Author Topic: Long screws - which drill?  (Read 8396 times)

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Offline Neathawk Designs

  • Posts: 87
Long screws - which drill?
« on: December 02, 2015, 07:41 PM »
Hello,

I'm in the middle of a project replacing a large roof on a barn.  The architect has specified 8" long screws to attach the plywood.  I am putting the screws through 5/8" roof sheathing, then through 4" of foam, then 3/4" roof deck, and then almost 3" into the rafters.  My Makita 18v impact drivers are barely getting the screws in and it's going terribly slow.  In many cases the impact driver stops before getting the screw in all the way.

Which Festool drill might you recommend me trying?  I have have at least another 1000 maybe 2000 more screws to put in.  Can anyone make any comment on the comparison in driving power between a festool drill (I was looking at the PDC 18) versus a makita 18v brushless? 

On a side note - I think that part of the problem is the screws the architect specified are not really a great wood screw.  A different screw would probably make a big difference - but finding new screws and getting them approved for the project is quite a pain too -and it may not solve the issue.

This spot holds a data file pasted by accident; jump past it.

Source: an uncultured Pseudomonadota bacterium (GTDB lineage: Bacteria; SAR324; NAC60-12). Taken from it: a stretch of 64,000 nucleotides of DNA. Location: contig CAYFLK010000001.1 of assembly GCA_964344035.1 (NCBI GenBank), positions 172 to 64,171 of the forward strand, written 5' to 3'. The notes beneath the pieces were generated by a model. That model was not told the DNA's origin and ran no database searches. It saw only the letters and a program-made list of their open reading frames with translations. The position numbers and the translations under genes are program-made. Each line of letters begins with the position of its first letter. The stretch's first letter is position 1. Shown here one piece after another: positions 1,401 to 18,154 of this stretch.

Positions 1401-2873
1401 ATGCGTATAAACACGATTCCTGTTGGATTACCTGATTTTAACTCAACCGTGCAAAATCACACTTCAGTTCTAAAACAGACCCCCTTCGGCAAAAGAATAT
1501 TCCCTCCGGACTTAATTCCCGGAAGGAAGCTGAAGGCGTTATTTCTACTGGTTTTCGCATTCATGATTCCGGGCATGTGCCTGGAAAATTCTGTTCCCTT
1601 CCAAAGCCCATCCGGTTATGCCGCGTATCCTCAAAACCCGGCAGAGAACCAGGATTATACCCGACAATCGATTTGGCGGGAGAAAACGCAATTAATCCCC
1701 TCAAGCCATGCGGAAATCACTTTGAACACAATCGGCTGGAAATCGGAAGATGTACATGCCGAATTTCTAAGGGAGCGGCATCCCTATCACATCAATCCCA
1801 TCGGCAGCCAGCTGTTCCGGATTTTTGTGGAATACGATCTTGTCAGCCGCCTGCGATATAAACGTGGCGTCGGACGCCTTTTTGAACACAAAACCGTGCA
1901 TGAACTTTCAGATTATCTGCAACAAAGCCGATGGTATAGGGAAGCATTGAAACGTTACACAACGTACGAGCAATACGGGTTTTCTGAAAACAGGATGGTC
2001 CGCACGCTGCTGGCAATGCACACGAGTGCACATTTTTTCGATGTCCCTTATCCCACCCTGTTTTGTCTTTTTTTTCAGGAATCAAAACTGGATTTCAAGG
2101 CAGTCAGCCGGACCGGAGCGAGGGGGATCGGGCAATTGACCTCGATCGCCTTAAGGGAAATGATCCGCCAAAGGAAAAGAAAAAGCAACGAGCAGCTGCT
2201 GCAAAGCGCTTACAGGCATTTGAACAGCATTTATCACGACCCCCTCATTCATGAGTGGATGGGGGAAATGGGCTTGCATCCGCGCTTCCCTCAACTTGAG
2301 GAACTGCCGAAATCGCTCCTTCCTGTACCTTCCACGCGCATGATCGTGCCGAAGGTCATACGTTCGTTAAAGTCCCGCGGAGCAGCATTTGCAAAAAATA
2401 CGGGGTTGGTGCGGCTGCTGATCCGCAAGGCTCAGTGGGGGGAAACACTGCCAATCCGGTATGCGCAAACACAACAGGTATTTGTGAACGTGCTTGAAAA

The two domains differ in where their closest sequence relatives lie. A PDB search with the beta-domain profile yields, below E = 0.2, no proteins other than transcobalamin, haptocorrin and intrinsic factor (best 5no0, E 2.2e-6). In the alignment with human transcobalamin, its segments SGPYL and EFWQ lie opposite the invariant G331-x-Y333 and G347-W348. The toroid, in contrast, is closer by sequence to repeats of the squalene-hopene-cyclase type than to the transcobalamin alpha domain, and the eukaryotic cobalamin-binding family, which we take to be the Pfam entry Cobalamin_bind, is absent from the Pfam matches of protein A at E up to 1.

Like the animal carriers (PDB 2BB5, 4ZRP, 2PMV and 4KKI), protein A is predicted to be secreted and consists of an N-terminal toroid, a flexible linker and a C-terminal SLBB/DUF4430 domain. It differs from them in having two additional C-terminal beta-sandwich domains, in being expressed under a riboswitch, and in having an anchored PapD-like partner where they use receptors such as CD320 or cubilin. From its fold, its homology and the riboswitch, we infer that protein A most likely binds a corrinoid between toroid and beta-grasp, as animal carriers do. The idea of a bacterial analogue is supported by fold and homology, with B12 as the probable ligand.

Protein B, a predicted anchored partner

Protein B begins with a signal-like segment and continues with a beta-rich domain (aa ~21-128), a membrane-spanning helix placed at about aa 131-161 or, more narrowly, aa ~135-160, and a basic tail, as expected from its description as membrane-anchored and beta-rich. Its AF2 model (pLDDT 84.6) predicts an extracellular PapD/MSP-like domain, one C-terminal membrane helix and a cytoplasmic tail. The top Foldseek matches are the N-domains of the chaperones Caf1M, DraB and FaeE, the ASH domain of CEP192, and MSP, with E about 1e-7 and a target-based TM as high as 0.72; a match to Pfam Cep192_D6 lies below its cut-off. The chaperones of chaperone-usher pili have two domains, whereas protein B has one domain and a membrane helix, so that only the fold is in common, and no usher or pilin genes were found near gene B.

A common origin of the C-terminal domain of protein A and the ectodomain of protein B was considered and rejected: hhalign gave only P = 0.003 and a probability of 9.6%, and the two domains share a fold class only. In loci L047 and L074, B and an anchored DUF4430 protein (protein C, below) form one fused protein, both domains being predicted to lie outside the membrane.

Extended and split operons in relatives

Thanks!
Ryan

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Offline Locks14

  • Posts: 291
Re: Long screws - which drill?
« Reply #1 on: December 02, 2015, 07:46 PM »
For this task I'd stay away from Festool and go with Milwaukee. Either their 18v M18 Fuel 2 drill with 135nm of torque or their impact driver from the same Fuel 2 line with 203nm of torque.

Offline Drich

  • Posts: 199
Re: Long screws - which drill?
« Reply #2 on: December 02, 2015, 07:52 PM »
I agree with Locks. I would get a impact with a 3/8 inch drive in Milwaukee and put a socket on it. Much more power that way. 167 ft pounds of torque. compared to 100 of a 1/4 inch drive. You could step up to a 1/2 inch drive is what I have used on lags bolts on decks. Tons of power then

Offline Bohdan

  • Posts: 991
Re: Long screws - which drill?
« Reply #3 on: December 02, 2015, 07:53 PM »
Too much torque may snap the screws, because you are screwing into old and very dry timber you may need to predrill the holes. Have you tried lubricating the screws with (paraffin) wax or soap? Usually makes a big difference with old timber.

Offline WarnerConstCo.

  • Posts: 4141
    • Warner Mill Works
Re: Long screws - which drill?
« Reply #4 on: December 02, 2015, 07:55 PM »
PDC. 

That long of screw will give any cordless impact problems, lots of shaft to twist.

I can't sink 9" timber locks with my brushless makita impact or a M18 fuel impact.

My old C12 will even finish off where those two stop.

I like the PDC quadrive plus it has a side handle.

Offline Chris Wong

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Re: Long screws - which drill?
« Reply #5 on: December 02, 2015, 08:05 PM »